Ask two community bankers what they think of the Internet and you're likely to get two quite different answers.
Some think having a World Wide Web site is mandatory today for the community bank.
Others say: "Why be among the first? Let others pay the price of experimenting. We'll jump on the bandwagon when it becomes profitable to do so."
I tend to be on the nay-sayer side. I think that much of our new technology is solutions looking for problems.
And many bankers who have taken first steps on the Net agree with me. Their Web pages are just places to advertise their services and, at most, provide depositors with balance information and other data. Customers can't even pay bills through these sites, or move money from one account to another.
But Nebraska banker Alice Dittman says Internet skeptics like me are short-sighted.
Ms. Dittman, president and chief executive of Cornhusker Bank in Lincoln, heads the electronic delivery steering committee of the American Bankers Association's 110-member Community Bankers Council. She writes:
"The Internet allows any institution to market its services and gain exposure in our communities. A larger competitor's presence on the Internet should be no less a concern to our bank than if we found the bigger rival trolling for customers via ads in our local newspaper.
"Many community bankers have already developed Web sites on the Internet and consider it a wonderful move. True, community banks can't pour the kinds of dollars and resources into technology that large banks can. But there's no reason for community banks to wait indefinitely or consider themselves non-candidates for technology leadership.
"Because many people assume that smaller banks are sleepier and less sophisticated than their larger brethren when it comes to technology, community banks that choose to wait do so at their own risk. Internet users tend to be more educated and more affluent than typical consumers and are ripe for the picking by larger banks and nonbank competitors.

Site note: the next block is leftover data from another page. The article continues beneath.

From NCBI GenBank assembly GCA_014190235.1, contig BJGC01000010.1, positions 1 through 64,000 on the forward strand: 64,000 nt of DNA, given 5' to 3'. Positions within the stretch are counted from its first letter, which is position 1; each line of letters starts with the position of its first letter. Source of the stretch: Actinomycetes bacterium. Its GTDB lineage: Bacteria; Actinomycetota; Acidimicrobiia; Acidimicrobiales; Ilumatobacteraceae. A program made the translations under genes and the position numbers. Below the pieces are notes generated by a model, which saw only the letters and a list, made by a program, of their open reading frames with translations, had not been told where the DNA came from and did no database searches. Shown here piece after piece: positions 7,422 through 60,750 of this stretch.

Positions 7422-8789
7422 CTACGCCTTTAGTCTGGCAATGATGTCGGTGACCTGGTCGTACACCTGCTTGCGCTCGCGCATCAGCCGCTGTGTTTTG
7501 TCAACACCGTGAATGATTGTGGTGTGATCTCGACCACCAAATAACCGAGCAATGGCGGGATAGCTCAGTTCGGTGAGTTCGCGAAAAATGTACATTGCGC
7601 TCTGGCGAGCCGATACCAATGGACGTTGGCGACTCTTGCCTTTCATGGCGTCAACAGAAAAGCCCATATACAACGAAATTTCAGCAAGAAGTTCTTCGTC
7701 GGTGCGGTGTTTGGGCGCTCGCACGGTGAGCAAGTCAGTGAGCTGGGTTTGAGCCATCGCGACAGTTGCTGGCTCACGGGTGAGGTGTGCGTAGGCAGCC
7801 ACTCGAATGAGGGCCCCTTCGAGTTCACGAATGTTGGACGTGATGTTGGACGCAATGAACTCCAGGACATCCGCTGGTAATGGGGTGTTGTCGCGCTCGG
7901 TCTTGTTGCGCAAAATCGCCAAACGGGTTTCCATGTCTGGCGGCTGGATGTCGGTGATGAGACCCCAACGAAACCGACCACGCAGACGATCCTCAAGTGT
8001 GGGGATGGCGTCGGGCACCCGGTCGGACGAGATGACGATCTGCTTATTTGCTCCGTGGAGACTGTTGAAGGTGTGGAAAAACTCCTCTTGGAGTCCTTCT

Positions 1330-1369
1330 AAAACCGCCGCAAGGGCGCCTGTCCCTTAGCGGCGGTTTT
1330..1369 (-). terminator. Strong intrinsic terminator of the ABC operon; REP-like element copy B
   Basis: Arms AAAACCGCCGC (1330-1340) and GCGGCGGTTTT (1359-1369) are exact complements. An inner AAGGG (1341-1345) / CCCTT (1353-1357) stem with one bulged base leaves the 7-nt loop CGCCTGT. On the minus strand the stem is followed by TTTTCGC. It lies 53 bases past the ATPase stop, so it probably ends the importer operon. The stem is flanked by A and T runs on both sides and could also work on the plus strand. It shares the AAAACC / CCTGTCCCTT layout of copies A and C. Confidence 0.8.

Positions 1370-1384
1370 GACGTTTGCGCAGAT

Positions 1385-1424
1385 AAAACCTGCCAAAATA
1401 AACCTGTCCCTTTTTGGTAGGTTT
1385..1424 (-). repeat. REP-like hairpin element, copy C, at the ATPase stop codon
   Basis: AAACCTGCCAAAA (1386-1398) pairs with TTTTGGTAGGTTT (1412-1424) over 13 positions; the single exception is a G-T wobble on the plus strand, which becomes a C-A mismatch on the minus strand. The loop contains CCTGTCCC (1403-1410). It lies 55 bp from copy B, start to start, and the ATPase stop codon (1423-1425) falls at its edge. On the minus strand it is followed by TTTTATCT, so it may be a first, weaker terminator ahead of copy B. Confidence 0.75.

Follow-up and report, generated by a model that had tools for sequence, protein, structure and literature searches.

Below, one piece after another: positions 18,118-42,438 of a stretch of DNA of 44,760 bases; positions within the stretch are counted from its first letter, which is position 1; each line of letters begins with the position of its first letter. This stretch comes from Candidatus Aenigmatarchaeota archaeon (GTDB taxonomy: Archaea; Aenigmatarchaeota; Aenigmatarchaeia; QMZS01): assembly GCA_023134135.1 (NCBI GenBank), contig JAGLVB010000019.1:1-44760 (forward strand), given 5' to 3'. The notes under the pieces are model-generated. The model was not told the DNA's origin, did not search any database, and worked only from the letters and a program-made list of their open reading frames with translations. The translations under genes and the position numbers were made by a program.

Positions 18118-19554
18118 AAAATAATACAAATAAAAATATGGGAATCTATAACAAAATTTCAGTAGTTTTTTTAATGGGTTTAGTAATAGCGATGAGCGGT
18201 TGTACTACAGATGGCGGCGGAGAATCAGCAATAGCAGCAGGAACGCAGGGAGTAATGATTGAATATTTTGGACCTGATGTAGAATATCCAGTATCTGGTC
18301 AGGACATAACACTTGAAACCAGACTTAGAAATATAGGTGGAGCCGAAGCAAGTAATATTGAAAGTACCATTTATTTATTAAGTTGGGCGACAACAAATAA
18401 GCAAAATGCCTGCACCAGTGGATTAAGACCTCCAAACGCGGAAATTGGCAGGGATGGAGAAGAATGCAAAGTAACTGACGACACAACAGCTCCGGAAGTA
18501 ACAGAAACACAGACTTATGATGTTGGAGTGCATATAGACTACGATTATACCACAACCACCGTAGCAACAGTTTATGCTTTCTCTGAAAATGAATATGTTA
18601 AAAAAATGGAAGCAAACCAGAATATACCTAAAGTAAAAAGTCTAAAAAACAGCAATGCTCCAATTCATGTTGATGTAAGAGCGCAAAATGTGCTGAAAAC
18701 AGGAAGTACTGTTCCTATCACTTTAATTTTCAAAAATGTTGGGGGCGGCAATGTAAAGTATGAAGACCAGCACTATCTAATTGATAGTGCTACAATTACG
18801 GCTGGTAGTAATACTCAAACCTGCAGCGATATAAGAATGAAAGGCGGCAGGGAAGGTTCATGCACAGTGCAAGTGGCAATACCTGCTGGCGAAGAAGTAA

"A presence on the Internet reaches those consumers, as well as younger folks (who one day may become the customers of our dreams), and it also puts employees on notice that the bank expects to keep up with the times and the tastes of its changing markets.
"I'm convinced that community banks must keep an open mind about where technology will fit at their banks. In many cases, we can be more nimble in implementing new technologies, which is an advantage in today's world of warp-speed technological change.
"The best news is that new technologies, including the Internet, need not cost an arm and a leg. ABA is working with a vendor who will set up an attractive Web site for ABA members for less than $3,000."
Letters like this made me want to take a second look at how banks are using the Internet so their customers can do from home what formerly involved a visit to the bank. I will report on some of these developments next week in this space.
But our readers could probably learn a lot more about the subject from you. One great advantage of community banking is that small banks don't consider all other small banks to be rivals, so they're willing to share the secrets of success.
So please write to tell us how your bank is using the Internet in ways others might want to imitate. The best response will earn the writer at day at the helm of Schmidlap National Bank, with a certificate to prove it. Mr. Nadler is a contributing editor of the American Banker and professor of finance at Rutgers University Graduate School of Management.